For Immediate Release, December 2, 2020
Patrick Donnelly, (702) 483-0449, email@example.com
Nevada Releases Flawed Climate Strategy
Bold Ideas Overshadowed by Lack of Policies to Promote Climate Justice
LAS VEGAS— Nevada Gov. Steve Sisolak and the Nevada Climate Initiative released the state’s climate strategy late Tuesday. This is an important milestone in the state’s march toward decarbonization, as mandated by 2019’s Senate Bill 254.
While some of the proposed policies will result in significant emissions reductions, the strategy is flawed by its lack of policies focused on climate justice.
The Nevada Climate Initiative conducted numerous listening sessions before creating the strategy, and one clear theme emerged: Nevadans care deeply about climate justice. However, while the strategy includes climate justice as an evaluation standard for items on the policy menu, many policies do little or nothing to address decades of environmental injustice in Nevada.
The strategy contains a mix of standards, incentives and market mechanisms to attempt to reduce the state’s carbon emissions by 28% from 2005 levels by 2025; 45% by 2030; and net-zero emissions by 2050, as required by S.B. 254.
Strongest among the strategy’s policy menu items is the mandate to transition away from superpolluting methane gas in residential and commercial buildings. Gas is used for heating and cooking and constitutes the vast majority of non-electricity emissions from buildings.
“We applaud Gov. Sisolak and the Climate Initiative for taking the truly bold step of putting Nevada on a path to kick dirty fracked methane gas,” said Patrick Donnelly, the Center for Biological Diversity’s Nevada state director. “The only livable future is one that has no fossil fuels, and gas is the elephant in the room. Gov. Sisolak has shown political courage by taking a stand on this issue.”
But one of the strategy’s major weaknesses is its lack of any policies geared toward democratizing energy production. While the strategy calls for a 100% renewable portfolio standard for carbon-free electricity, it does not contain any policies to ensure that the renewable energy transition is democratic, distributed and won’t unduly harm the environment.
“Nevadans want to generate electricity on our roofs, not in open and undisturbed desert ecosystems,” said Donnelly. “The Nevada Climate Strategy falls woefully short of promoting democratized energy solutions, and its policy menu literally doesn’t even mention rooftop solar. Energy democratization and universal rooftop solar won’t happen on their own, and the governor has kicked the can down the road on ensuring that our renewable energy transition is primarily for the benefit of people.”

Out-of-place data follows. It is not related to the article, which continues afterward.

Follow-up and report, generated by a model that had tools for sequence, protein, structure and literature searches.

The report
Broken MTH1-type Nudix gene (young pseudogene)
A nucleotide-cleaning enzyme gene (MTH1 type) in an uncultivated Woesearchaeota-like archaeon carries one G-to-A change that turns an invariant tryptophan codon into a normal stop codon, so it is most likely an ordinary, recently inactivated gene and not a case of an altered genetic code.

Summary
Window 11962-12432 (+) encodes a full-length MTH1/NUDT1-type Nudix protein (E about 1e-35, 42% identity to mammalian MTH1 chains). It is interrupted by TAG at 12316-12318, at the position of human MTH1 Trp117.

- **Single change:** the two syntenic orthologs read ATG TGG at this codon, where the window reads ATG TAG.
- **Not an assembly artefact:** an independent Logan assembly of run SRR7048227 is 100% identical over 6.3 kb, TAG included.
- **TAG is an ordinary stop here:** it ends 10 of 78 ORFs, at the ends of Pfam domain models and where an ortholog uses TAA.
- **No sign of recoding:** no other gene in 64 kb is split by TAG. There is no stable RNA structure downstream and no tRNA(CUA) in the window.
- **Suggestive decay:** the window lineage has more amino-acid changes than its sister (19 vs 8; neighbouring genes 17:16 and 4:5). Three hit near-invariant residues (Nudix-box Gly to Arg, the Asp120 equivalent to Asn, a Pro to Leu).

Another key flaw is the strategy’s failure to address environmental inequities in urban planning. Las Vegas is ranked the most intense heat island in the country, with the largest difference between urban and rural temperatures. Urban Las Vegas — populated primarily by people of color — has average temperatures rising faster than anywhere in the country, up nearly six degrees since 1970.
Yet Clark County politicians are doubling down on environmental injustice by directing resources to affluent sprawl developments in the desert that will continue to worsen greenhouse gas emissions and climate change.
“Low-income communities of color bear the burden of the heat-island effect, and the state strategy does nothing about it except planting some trees,” said Donnelly. “Trees are great, but we need to address the systemic inequalities that directly and disproportionately affect urban centers.”
The Nevada Climate Initiative referred to the strategy as a “living document,” which presumably will be updated over time.
“The Nevada Climate Strategy is a good start toward putting us on a path toward decarbonization,” said Donnelly. “But we have so much further to go. We need bold policies that radically reshape our interaction with the natural world and each other to truly address the climate crisis. While the Nevada Climate Strategy is a good start, it doesn’t come close to being strong enough, or equitable enough, to beat climate change while addressing the systemic inequities that caused the climate crisis to begin with.”
The Center for Biological Diversity is a national, nonprofit conservation organization with more than 1.7 million members and online activists dedicated to the protection of endangered species and wild places.